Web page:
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Jolly said he was concerned about reports from Craven Askew, a chief plant operator at the city's Northeast plant, indicating top officials knew shutting the Albert Whitted plant last year could lead to sewage overflows. Askew also contradicted Kriseman's claim that a 58 million-gallon spill in west St. Petersburg was clean, treated sewage. Askew said tests indicated periods of high turbidity or cloudiness, which city officials in the past have said is a sign of pollution. There were also periods of low chlorine, used to kill harmful bacteria. Kriseman on Tuesday stood by his position that residents didn't need to be warned other than posting some signs.

On Wednesday, Jolly released a video explaining his decision. He also urged any city worker with knowledge about the sewage problems to come forward and seek legal whistleblower status.

U.S. Rep. Kathy Castor, D-Tampa, has also asked the EPA to see how it can help. Castor said an administrator in Atlanta assured her the agency was reviewing the facts and considering what assistance it could provide.

The EPA didn't respond to requests for comment.

Meanwhile, an environmental watchdog group questioned the testing done by the city. The Gulf Restoration Network's senior policy director, Matt Rota, said his group's analysis of city testing concluded it had stopped too early, citing one site near the Northwest plant in west St. Petersburg where testing had stopped after only one sample below state thresholds was taken.

"The bay deserves more than the minimum," Rota wrote.

John Palenchar, who replaced Leavitt, had been the city's environmental compliance manager and oversaw the city's recent testing of the sewage spills.

"It's a pretty good analysis of our situation," Palenchar said, but he said the environmental group is using different standards than the city. The city relies on fecal coliform in freshwaters instead of newer bacteria indicators. The city's tests meet the state's Healthy Beaches standard for marine waters, Palenchar said.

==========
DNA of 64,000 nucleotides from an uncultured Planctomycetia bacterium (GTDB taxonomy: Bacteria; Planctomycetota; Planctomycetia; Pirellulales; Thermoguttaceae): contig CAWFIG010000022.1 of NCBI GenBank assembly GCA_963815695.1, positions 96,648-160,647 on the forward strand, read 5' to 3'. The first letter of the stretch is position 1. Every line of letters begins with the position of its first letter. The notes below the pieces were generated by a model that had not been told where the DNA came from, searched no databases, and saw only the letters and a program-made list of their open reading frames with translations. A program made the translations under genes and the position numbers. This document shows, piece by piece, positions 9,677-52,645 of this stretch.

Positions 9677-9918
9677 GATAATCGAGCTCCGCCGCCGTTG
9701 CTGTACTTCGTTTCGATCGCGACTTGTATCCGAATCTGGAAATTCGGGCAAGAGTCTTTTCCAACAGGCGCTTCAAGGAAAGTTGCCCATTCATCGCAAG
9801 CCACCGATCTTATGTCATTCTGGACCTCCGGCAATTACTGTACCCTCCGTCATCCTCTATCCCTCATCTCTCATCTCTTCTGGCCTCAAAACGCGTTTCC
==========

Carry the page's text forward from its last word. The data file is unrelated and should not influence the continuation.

Many testing sites are canals and retention ponds and so are always impaired because of stormwater runoff, he said.

Brejesh Prayman, a senior city engineer, will take over for Gibson.

The high-profile housecleaning at City Hall contradicts what Kriseman told reporters on Tuesday when he said an independent firm would handle the investigation into the city's sewage crisis.

"I don't want to taint it," the mayor told the Tampa Bay Times.

But the mayor changed his mind after talking to Gibson and Leavitt on Wednesday, his spokesman Ben Kirby said.

Leavitt, 66, joined the city in 1999 and took over as head of Water Resources in 2012. He made $128,279. Gibson, 59, joined the city in 1987 and became engineering director in 2005. He made $146,260.

Late Wednesday, Askew again notified city officials of evidence that a 2014 consultant study warning of possible sewage woes if the Albert Whitted plant was shuttered should have been noticed by top officials.

A comprehensive 2016 study of the city's sewers by other consultants used the 2014 study in its analysis. The newest study was written about by the Tampa Bay Times and presented at City Council meetings after staff presentations this spring.

Kriseman's office issued a statement shortly after Askew's email become public record, stating that he doesn't doubt the study has been cited and referenced publicly many times, but that neither he nor council members "seemingly knew about it or could use the information to further debate the Albert Whitted plant being closed. And that's why people will be held accountable."

Times staff writer Mark Puente contributed to this report.